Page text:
Chess is typically considered to be a passive activity closely associated with mental pursuits like philosophy and poetry. Most people would never mentally categorize chess alongside wrestling or boxing. And indeed, it is this apparent contrast that makes the sport of “chess boxing” so idiosyncratic.
Of course, major chess tournaments are advertised as battles between titans, but the relationship between chess and violence goes far deeper than metaphor. Chess is violence. Chess is about unilaterally imposing your will on another human being, while he tries desperately to avoid having your will impose. And if you fail, his will will crush yours. Some might argue that all two-opponent games could be tarred with this same brush of “violence”. But no other voluntary game presents such a distilled essence of violence, except perhaps for the middle game and tesuji of the game of Go.
Violence is about will power. With physical violence, the body is simply an instrument of the will. In fact, wrestling could be seen as half cooperative dance, and half violence. Boxing is much closer to pure violence. And chess is pure violence – all that is preserved is the ruthless wills locked in combat.
To understand why chess is unique, you need to consider what other sorts of non-violent mental activities can be involved in games. Cooperation, clarity of communication, pun and fancy, metaphor, narrative, empathy, persuasion, seduction, estimation of probabilities, and so on. None of these mental skills are very important to chess, and are not developed with chess practice. To become great at chess, you need brute force mental capability and extreme will power and concentration. Your killer instinct and desire to crush the opponent needs to be strong and sustained over much longer periods than in the typical physical confrontation. There is a reason that chess is physically exhausting, and that chess masters often go mad.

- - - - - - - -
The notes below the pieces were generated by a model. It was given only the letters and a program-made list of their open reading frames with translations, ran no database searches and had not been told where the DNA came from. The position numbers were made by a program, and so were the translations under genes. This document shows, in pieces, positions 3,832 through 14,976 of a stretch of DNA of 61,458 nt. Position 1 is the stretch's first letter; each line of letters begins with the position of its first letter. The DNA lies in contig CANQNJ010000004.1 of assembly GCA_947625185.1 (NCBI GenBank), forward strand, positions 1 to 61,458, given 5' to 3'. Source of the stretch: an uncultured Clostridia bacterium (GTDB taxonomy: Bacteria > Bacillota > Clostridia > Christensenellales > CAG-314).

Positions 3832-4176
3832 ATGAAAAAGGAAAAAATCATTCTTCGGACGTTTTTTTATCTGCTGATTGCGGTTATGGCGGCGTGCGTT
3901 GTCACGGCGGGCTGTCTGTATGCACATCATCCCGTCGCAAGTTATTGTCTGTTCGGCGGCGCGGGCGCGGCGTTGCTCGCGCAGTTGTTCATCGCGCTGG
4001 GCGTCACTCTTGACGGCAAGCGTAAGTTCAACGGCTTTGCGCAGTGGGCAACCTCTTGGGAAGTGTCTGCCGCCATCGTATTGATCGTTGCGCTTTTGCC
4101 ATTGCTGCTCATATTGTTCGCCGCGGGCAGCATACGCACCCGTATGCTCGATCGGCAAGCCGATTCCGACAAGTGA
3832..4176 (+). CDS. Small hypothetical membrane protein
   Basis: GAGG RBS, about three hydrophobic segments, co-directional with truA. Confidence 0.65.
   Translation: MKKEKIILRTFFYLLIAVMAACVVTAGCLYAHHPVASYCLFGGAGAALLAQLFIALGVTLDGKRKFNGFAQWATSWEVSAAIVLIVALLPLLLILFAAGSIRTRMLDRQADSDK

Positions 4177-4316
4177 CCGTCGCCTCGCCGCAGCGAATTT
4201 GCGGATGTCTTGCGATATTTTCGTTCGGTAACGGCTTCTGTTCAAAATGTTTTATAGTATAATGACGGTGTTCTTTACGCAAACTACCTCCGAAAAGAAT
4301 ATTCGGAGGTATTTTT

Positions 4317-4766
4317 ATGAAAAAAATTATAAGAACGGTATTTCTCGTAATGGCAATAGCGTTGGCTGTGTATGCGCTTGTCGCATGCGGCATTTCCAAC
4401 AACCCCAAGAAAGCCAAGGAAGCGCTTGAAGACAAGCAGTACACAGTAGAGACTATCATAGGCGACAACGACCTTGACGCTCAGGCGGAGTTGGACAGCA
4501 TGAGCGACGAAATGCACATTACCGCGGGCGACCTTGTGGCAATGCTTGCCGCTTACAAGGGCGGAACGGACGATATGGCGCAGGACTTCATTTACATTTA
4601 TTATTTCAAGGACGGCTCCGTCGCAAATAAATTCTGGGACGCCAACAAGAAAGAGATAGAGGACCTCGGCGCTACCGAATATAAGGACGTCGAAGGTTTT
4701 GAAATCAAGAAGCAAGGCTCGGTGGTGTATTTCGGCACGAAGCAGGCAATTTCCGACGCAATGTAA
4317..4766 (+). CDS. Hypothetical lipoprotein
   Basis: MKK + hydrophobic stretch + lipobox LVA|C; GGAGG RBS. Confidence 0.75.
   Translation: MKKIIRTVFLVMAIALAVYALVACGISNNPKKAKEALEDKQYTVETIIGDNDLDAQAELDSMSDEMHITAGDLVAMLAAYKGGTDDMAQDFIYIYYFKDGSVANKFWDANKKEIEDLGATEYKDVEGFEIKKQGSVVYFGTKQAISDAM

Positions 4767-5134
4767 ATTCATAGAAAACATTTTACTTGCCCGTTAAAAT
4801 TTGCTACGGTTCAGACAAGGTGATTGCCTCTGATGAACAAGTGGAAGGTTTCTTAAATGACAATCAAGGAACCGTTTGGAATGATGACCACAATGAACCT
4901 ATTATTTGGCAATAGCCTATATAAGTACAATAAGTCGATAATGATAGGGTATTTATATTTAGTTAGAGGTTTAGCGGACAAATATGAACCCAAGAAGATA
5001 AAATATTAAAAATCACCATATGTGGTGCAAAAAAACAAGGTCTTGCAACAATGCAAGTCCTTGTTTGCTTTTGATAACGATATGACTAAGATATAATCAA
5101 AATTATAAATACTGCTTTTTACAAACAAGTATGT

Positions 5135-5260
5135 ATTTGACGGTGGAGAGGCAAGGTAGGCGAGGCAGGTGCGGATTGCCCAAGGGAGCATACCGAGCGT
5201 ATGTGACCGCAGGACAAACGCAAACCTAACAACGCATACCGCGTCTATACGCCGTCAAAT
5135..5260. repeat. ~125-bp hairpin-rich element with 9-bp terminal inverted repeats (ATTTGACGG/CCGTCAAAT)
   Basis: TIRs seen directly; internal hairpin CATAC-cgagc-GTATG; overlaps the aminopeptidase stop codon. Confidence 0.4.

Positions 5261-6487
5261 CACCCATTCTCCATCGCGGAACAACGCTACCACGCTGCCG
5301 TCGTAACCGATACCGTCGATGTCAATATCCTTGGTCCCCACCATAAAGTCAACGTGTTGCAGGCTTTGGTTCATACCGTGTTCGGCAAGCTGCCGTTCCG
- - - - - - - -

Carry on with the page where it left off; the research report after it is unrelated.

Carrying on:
What else compares? Maybe only love. As Shakespeare said, “all’s fair in love and war”. St. Paul gave the most beautiful definition of love in his letter to the Corinthians, saying that “love is not self-seeking”. We all know that most human love affairs are completely the opposite of St. Paul’s description, and end up looking a lot like chess boxing: periods of intense mental calculation and scheming punctuated by bouts of overwhelming physicality.
Note that this is not a criticism of chess. I personally enjoy the intensity of chess. And when I play Go, I often play on a smaller board, to increase the element of battle and will power and to reduce the component of broad strategy that is critical on a larger board. I am simply arguing that chess is a fun game because it strengthens and exercises the selfish will; a point which I intend to revisit in a future post about C.S. Lewis’s “Bulverism” and the “ad hominem” fallacy.